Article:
The Back of Your Book
We previously covered your book’s front matter. But what happens after you type “The End?”
The back of the book—your back matter or end matter—is a place to include extra material. What to include depends on the type of book you’ve written. A fiction novel would generally not require a bibliography, for instance, but a historical nonfiction book might. Your book editor and/or publisher should be able to guide you on what back matter is and isn’t necessary, whether you write e-books, hard covers or paperbacks.
Some authors use the back of the book as “real estate” for marketing, as well. Read ahead for explanations and ideas!
Have you ever read a novel and didn’t want it to end? If so, it’s so nice to turn that last page and…pow!…there’s an epilogue! The epilogue is the “final” final chapter and can serve different purposes—something you, as an author, should keep in mind whether you write e-books in the romance realm or print books in a series. An epilogue serves as a way to provide closure or tie up loose ends, or can tease readers with hints about what’s to come in a sequels or prequels.
Some authors treat an epilogue as an afterward—a direct address to the reader. An afterword explains how story came to be and how the author developed it (much like a preface). If the book is being re-issued after being out of print, an afterword can be written by a notable person or subject matter expert to explain the cultural context, historical value, and reason why it’s being re-issued. Authors who have written print books exclusively in the past, but now write e-books, can opt to digitize their work and include an explanation in the afterword.
A very informal afterword is called a postscript or “P.S.” (Latin for post scriptum, meaning written after). We normally see this in personal letters and correspondence, but some authors use it purposefully as a different end treatment in a novel.
Appendix or Addendum
An appendix is a supplement to the book and provides details, tables, updates and corrections to earlier material or data that is too detailed to be included in a chapter. The appendix may also include a chronology— a list of sequential events—that help a reader keep up with or refer back to important content. While not mandatory, an appendix can be helpful to readers.
A glossary is a list of alphabetized definitions for words found within the book. It is included for the reader’s reference. Scholarly books may have a glossary, but so may science fiction novels.
An index is a listing of a book’s content by page number so that readers can easily locate terms within a book. Think of it as a road map to help readers make sense of complicated content.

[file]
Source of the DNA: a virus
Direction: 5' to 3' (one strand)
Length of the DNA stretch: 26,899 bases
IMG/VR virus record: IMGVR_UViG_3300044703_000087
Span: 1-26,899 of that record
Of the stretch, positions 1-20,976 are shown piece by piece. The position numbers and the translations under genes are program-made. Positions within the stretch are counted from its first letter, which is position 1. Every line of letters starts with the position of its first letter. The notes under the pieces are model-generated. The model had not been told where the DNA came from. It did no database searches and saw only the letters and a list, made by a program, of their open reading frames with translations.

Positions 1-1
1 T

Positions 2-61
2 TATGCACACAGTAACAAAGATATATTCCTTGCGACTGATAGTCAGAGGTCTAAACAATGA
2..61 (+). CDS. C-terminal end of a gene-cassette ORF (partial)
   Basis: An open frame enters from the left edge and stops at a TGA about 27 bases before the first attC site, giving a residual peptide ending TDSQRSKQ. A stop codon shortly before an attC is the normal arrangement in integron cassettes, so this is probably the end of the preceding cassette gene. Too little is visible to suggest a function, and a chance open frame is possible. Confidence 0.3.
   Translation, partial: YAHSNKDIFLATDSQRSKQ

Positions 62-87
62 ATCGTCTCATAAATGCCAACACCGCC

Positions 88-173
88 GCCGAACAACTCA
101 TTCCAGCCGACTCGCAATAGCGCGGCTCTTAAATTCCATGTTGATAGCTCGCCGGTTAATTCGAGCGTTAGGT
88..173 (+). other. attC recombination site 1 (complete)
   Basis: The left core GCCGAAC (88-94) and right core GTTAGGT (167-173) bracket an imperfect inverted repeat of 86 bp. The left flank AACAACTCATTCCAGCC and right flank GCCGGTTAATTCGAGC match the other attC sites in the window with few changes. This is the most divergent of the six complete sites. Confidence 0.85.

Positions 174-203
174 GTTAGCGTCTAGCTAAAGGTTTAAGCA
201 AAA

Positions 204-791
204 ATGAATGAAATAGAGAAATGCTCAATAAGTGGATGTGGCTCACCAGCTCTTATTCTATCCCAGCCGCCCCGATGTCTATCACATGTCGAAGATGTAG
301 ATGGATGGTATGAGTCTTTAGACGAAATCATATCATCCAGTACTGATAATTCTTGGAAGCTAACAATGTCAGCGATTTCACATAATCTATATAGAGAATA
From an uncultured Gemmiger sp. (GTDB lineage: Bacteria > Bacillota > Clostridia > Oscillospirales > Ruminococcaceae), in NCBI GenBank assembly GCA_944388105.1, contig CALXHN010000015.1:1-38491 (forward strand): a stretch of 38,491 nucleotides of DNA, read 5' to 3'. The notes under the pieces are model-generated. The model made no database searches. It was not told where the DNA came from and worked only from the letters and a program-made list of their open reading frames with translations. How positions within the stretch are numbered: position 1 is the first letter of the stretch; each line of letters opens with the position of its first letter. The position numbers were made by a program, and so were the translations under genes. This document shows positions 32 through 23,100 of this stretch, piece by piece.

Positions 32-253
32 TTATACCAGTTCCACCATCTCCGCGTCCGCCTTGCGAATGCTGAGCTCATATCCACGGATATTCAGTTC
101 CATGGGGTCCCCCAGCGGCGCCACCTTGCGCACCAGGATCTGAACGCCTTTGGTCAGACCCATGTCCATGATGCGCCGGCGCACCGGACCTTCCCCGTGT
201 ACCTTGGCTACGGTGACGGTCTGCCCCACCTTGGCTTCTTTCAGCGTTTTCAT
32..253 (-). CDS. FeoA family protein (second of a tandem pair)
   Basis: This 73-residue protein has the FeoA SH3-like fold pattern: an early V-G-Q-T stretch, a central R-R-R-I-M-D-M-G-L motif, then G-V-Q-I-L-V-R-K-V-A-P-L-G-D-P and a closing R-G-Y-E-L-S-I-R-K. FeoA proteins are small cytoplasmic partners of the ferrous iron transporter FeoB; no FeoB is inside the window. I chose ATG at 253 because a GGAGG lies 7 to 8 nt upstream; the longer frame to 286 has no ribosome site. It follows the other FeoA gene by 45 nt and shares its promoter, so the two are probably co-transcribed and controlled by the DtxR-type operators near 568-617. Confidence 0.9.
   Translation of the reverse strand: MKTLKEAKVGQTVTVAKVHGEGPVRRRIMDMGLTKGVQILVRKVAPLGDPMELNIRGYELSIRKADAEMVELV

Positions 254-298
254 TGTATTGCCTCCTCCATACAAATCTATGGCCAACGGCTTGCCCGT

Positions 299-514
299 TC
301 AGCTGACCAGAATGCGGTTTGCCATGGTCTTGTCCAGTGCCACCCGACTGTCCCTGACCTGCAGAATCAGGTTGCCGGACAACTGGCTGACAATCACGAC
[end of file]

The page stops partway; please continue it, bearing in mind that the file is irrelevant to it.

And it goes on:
Bibliography, Works Cited or Reference List
A bibliography details other books, publications and/or intellectual property that you’ve used in your book. Citing these sources safeguards you from plagiarism and gives credit to the originator. Most bibliographies are alphabetized but can also be arranged by topic or relevance. Bibliographies serve as an invitation to further research and points readers to associated topics.
List of Contributors
Although your acknowledgements page shouts out people who inspired you, a list of contributors acknowledges those who physically assisted in the research, writing and compilation of your book—true hands-on work.
At times a manuscript requires a correction—an errata. This usually appears in subsequent publications to clarify or correct a mistake.
About the Author
I don’t know about you, but I enjoy learning more about the authors who write e-books and the print editions I love. Therefore, I recommend that authors include an “About the Author” page in the back of the book. This shouldn’t read like a resume or CV unless you’ve written a scholarly manuscript. Instead your “About the Author” page should be a conversational, likeable, and somewhat personal missive—written with book sales in mind. It can include your backlist (older books still in print) or upcoming titles. It can also include causes you are passionate about.
Marketing and Calls to Action
- Both print and digital books can include an author interview
- Both print and digital books can include book club discussion questions
- Both print and digital books can include sample excerpts (teasers) from your upcoming titles
- Digitalized books can include links directing readers to your backlist on Amazon
- Digitalized books can include a subscription link to your newsletter
- Digitalized books can include links directing readers to post book reviews
- Digitalized books can include links to your website and social media pages
- Digitalized books can include links to a cause or fundraiser associated with your topic
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